Nullifiers! The lot of them!
The problem with putting together discussion assignments for my students is that I feel academically obligated to give them enough evidence to argue either side of the issue. This is how you train historians, after all – you set them loose on the evidence and let them make and defend their own interpretations.
There are several layers to this training.
The first one is to get them out of the notion that there is a Right Answer to any but the most basic questions in history. There are Right Answers when it comes to the evidence – you either have your facts or you don’t, and if you tell me that the Civil War happened in 1350, well, you’re wrong. The interesting questions are all interpretation, though – the sort of “who cares?” and “how does that relate to anything?” questions that everyone asks but not many people actually answer. Those don’t have Right Answers.
This doesn’t mean that all interpretations are equally valid. People who say that are just trying to sell you something. Interpretations are Better or Worse, depending on how much evidence they explain. If my answer explains more evidence than yours, then mine is Better and you ought to change your mind. And vice verse.
At the level of the introductory college survey course, mostly what I’m trying to do is to get my students to understand that real history is about making interpretations and backing them up with evidence.
Have a thesis – state your position. Don’t worry about agreeing with what you think I think, because my job is to disagree with whatever you say. You might as well tell me what you actually believe to be the case, because that’s easier to support.
Give me some evidence so that when I say, “I don’t believe you,” you’ve got something to come back at me with. Interpretations without evidence are called “fiction.” There’s nothing wrong with fiction, except that it’s not history. You can make a good living writing fiction – if you do it well enough, they will call you a novelist. Or a pundit. But not a historian.
Then tell me how that evidence actually supports your point. Evidence does not speak for itself and if you don’t tell me what it says than I can safely assume that it says nothing and you’re just padding the essay until it reaches minimum length. I can make the connections if you'd like, but I don't work cheap and I get paid in points. Keep that in mind come grading time.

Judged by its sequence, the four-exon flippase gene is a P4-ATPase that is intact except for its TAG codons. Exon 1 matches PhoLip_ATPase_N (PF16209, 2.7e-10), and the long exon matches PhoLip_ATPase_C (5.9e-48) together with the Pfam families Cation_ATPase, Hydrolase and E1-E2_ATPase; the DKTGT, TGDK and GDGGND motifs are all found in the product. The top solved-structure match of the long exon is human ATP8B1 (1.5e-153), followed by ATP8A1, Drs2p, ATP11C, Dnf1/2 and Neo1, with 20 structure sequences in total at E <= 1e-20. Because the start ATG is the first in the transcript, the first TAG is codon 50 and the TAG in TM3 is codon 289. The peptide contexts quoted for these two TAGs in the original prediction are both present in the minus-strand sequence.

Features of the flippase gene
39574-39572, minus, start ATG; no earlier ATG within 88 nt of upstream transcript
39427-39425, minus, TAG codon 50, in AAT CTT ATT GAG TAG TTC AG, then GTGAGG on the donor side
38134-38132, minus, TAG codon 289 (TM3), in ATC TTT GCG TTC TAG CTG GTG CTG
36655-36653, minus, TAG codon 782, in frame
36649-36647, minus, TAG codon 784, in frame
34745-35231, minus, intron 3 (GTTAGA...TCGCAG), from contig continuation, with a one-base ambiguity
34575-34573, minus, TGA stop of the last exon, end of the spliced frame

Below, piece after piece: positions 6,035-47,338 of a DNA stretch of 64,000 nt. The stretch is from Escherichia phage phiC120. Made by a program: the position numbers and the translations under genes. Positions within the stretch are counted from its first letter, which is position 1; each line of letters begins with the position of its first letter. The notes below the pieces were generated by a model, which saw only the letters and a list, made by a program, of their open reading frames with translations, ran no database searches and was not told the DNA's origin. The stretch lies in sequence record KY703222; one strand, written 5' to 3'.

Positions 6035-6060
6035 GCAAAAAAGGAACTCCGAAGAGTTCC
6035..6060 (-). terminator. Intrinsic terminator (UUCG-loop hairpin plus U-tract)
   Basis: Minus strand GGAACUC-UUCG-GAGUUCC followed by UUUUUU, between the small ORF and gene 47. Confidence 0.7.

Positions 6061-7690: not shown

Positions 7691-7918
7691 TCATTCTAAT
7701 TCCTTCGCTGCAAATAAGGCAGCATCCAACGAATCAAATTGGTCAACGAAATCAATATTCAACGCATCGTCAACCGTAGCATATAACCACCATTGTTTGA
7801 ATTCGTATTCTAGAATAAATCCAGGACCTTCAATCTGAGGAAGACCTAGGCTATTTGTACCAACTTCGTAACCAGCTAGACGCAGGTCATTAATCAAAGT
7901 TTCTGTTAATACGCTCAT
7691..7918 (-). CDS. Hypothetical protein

That’s enough to work on, at this level.
What I don’t really push them on until they get to more upper level classes is the part where you, as a historian, have to prove that your interpretation is Better than mine. That yours explains more evidence than mine. That you can beat back my counterarguments. Again, I'll argue whatever they don't, so which side they're on doesn't matter so much as whether they can stand up to crossfire. It’s hard enough getting them to make the arguments in the first place, though. They can take the next step in the next course.
But there are times when I really wish I could just say, “Stop! Down that path perdition lies! That answer is not the Best! In fact, it kind of Sucks!”
Thus bringing me back to Nullification.
Nullification, for those of you not up on your John C. Calhoun, is the hallucinatory notion that any state in the US has the right to declare a federal law null and void on its own territory simply by wishing it so. It gets more complicated than that, of course, and if you really want to delve into Calhoun’s theory of concurrent majorities well you go right ahead. Be sure to take a bottle of good whiskey with you, because you’ll need it.
The bottom line on Nullification, though, is that it is utter nonsense.
You can start with the fact that the supremacy clause of the Constitution clearly states this, right up front. You can move on to the fact that the Constitution was written explicitly to deny the kind of “states’ rights” bilgewater that had made the Articles of Confederation such a travesty of inefficiency and waste. You can proceed to the fact that there already exists, in the Constitution, a mechanism for protesting federal laws – several of them, in fact, once you take into account the idea of the entire federal judiciary and the notion of actually winning a few elections and passing new and presumably more favorable laws.
You do still see Nullification being bandied about as if it were an actual idea that sane people would consider – mostly on the right-wing extremes these days, which are awfully hard to tell apart from the right-wing in general – but the bottom line is that this is a discredited and pernicious idea, one that is but a half-hearted version of secession and thus constitutes treason when seriously attempted.
But as a teacher, and as someone who is trying to get students to make and defend their own interpretations, I just have to let them find out for themselves.
So last week they read Calhoun, or at least they were supposed to. They read the various promulgations that came out of South Carolina in 1832 defending this indefensible notion. They also read Daniel Webster’s evisceration of this nonsense, and Andrew Jackson’s brutal takedown of Calhoun’s theory as well.
The Best interpretation seemed obvious to me.
And yet so many of them sided with Calhoun.
If they had a clear thesis, if they backed it up with evidence, if they explained how that evidence supported their point, really what could I do at this level but give them credit and weep for the future of the republic.
But next year, when they take the upper level version? Then I argue back, whatever their initial position may be. And we will see where that goes.
If we do this right, if both the students and the teachers play the game the way it is supposed to be played, we’ll make historians out of them yet.